Follow both the letter and spirit of this policy. The problem sets account for most of your grade, and it is important we be able to evaluate how well you, personally, have understood the course material. Discussions with classmates should be to gain a better understanding of the course material in general, not the specific problems in the problem sets. If you are stuck on a problem, ask for help from the course staff instead of from your classmates (or online). If a classmate asks for help and you can't be sure you can help them without "revealing" a crucial part of the answer, ask them to contact us.


There are no required textbooks for the course. The following are useful for reference:

  1. Computer Vision: Algorithms and Applications by Richard Szeliski. (Follow the link for a free online copy)
  2. Computer Vision: A Modern Approach by David Forsyth and Jean Ponce.

Syllabus (tentative)

Problem sets, proposals, and reports are due at 11:59 PM (Central) on the dates indicated.
Week Tuesday Thursday
1 Aug 29

Introduction. Cameras & Image Formation I.

[Slides] [PDF] [PDF/4]

Aug 31

Image Formation II. Per-pixel Image Ops. Convolutions I.

[Slides] [PDF] [PDF/4]

2 Sep 5

Convolutions II. Edge & line detection. Other spatial image ops.

[Slides] [PDF] [PDF/4]

Sep 7

Fourier Transforms & Convolution Theorem.

[Slides] [PDF] [PDF/4]

3 Sep 12 PS1 Out

Scale & Multi-scale Representations. Efficient Convolutions. Image Restoration.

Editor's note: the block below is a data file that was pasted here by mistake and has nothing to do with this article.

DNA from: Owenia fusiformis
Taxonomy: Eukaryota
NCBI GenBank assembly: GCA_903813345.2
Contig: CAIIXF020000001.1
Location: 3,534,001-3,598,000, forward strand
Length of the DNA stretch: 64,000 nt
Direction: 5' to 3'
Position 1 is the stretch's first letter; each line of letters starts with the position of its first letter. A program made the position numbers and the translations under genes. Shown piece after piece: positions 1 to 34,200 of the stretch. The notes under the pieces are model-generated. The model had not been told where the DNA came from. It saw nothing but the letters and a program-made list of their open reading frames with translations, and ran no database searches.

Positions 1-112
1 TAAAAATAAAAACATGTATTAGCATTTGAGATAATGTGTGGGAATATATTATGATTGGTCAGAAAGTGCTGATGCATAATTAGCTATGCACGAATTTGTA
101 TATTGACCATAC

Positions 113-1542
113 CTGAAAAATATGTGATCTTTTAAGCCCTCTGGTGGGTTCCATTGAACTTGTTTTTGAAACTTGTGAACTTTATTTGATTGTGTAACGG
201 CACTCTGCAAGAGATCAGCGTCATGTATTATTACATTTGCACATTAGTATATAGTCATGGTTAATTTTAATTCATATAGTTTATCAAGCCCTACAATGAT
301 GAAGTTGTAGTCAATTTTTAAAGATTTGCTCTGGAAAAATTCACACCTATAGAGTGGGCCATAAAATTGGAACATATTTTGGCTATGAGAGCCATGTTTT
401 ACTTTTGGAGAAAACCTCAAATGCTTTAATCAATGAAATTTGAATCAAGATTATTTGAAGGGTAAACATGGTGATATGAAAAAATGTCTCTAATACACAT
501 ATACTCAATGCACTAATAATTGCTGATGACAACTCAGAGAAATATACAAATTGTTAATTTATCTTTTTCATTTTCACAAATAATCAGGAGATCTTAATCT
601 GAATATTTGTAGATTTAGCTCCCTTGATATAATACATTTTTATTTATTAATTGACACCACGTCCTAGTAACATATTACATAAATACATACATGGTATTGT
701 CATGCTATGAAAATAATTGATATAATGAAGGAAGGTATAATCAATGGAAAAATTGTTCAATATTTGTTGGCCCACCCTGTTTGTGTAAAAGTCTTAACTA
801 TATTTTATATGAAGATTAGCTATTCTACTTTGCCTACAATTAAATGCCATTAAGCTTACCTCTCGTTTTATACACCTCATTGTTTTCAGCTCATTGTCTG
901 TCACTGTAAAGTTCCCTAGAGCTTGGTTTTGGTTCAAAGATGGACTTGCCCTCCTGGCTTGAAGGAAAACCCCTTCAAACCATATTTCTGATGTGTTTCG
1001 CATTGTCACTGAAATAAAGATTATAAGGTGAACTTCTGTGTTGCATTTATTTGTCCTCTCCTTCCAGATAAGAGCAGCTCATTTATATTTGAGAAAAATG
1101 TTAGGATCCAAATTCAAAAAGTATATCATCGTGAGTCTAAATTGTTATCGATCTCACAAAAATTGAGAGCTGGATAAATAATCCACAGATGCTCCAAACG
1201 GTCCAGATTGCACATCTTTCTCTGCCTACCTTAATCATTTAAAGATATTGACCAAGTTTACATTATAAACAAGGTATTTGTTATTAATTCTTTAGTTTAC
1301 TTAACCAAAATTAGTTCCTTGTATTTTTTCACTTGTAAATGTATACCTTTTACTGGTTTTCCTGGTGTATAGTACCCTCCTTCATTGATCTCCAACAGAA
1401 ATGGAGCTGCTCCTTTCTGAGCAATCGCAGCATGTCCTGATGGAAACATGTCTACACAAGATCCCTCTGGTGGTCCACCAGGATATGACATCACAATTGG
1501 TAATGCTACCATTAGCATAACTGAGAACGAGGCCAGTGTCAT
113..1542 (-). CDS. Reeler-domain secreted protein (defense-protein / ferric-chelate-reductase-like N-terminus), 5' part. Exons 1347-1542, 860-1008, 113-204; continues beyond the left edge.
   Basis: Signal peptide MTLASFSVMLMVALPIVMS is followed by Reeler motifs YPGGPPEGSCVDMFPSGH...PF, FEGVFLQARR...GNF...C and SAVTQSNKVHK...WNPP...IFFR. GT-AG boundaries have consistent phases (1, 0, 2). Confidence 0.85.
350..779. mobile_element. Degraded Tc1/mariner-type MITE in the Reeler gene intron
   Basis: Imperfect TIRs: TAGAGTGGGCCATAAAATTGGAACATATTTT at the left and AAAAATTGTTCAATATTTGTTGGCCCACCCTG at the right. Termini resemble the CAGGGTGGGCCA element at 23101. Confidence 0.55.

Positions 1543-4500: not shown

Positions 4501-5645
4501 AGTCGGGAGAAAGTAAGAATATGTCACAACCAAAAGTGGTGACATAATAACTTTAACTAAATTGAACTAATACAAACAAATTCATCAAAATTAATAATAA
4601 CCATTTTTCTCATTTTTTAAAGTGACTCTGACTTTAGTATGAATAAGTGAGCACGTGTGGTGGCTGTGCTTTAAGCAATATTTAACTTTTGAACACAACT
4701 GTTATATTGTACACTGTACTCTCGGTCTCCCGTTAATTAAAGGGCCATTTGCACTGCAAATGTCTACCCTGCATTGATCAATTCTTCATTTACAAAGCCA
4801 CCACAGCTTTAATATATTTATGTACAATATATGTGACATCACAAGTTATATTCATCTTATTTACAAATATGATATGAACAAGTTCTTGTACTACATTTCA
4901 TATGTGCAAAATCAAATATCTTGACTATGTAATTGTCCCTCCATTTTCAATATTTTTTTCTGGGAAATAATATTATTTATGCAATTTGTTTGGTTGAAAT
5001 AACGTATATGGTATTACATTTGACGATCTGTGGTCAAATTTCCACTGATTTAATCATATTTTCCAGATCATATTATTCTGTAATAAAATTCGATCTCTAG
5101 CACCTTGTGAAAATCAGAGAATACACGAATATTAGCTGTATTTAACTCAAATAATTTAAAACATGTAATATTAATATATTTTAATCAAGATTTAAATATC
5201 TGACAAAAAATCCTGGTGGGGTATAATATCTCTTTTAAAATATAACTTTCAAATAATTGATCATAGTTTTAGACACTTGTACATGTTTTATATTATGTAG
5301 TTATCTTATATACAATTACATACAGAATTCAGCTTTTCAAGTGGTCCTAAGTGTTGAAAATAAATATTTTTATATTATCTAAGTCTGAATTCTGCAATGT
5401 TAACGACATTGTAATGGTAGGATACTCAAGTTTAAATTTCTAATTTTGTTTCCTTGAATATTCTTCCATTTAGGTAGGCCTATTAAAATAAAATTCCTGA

[Slides] [PDF] [PDF/4]

Sep 14

Image Restoration II. Optimization.

[Slides] [PDF] [PDF/4]

4 Sep 19

Color, spectrum, and illumination.

[Slides] [PDF] [PDF/4]

Sep 21

Material & Shading: Lambertian, specular, BRDFs.

[Slides] [PDF] [PDF/4]

5 Sep 26 PS1 Due! PS2 Out.

Light Sources. Photometric Stereo.

[Slides] [PDF] [PDF/4]

Sep 28

Photometric Reasoning Roundup. Camera Projection & Geometry.

[Slides] [PDF] [PDF/4]

6 Oct 3

Geometry II.

[Slides] [PDF] [PDF/4]

Oct 5

Robust Fitting. RANSAC.

[Slides] [PDF] [PDF/4]

7 Oct 10 PS2 Due! PS3 Out.

Camera Calibration. Multi-view.

[Slides] [PDF] [PDF/4]

Oct 12

Multi-view. Stereo Matching.

[Slides] [PDF] [PDF/4]

8 Oct 17

Fall Break: No class.

Oct 19

Stereo Globalization.

[Slides] [PDF] [PDF/4]

9 Oct 24

Globalization II.

[Slides] [PDF] [PDF/4]

Oct 26 PS3 Due!

Stereo Roundup.

[Slides] [PDF] [PDF/4]

10 Oct 31 Project Proposals Due! PS4 Out.

Optical Flow. Segmentation & Grouping.

[Slides] [PDF] [PDF/4]

Nov 2

Grouping Roundup. ML Recap I.

[Slides] [PDF] [PDF/4]

11 Nov 7

Machine Learning II.

[Slides] [PDF] [PDF/4]

Nov 9

Logistic Regression, Gradient Descent & SGD/Momentum.

[Slides] [PDF] [PDF/4]

12 Nov 14 PS4 Due! PS5 Out.

Neural Networks. Autograd.

[Slides] [PDF] [PDF/4]

Nov 16

Autograd. Multi-label Classification. Convolutional Layers.

[Slides] [PDF] [PDF/4]

13 Nov 21

Semantic Tasks, Datasets, Network Architectures.

[Slides] [PDF] [PDF/4]

Nov 23

Thanksgiving Break: No class.

14 Nov 28

Network Architectures II. Batch-norm.

[Slides] [PDF] [PDF/4]

Nov 30 PS5 Due on 12/1!

Assorted Topics.

[Slides] [PDF] [PDF/4]

15 Dec 5 Slides Due on 12/3!

Project Presentations.

[Presentation Order]

Dec 7 Project Final Reports Due 12/10!

Project Presentations.

[Presentation Order]



The slides, syllabus, and problem sets are based on excellent computer vision courses taught elsewhere by Todd Zickler, Bill Freeman, Svetlana Lazebnik, James Hays, Alyosha Efros, Subhransu Maji, and many many others.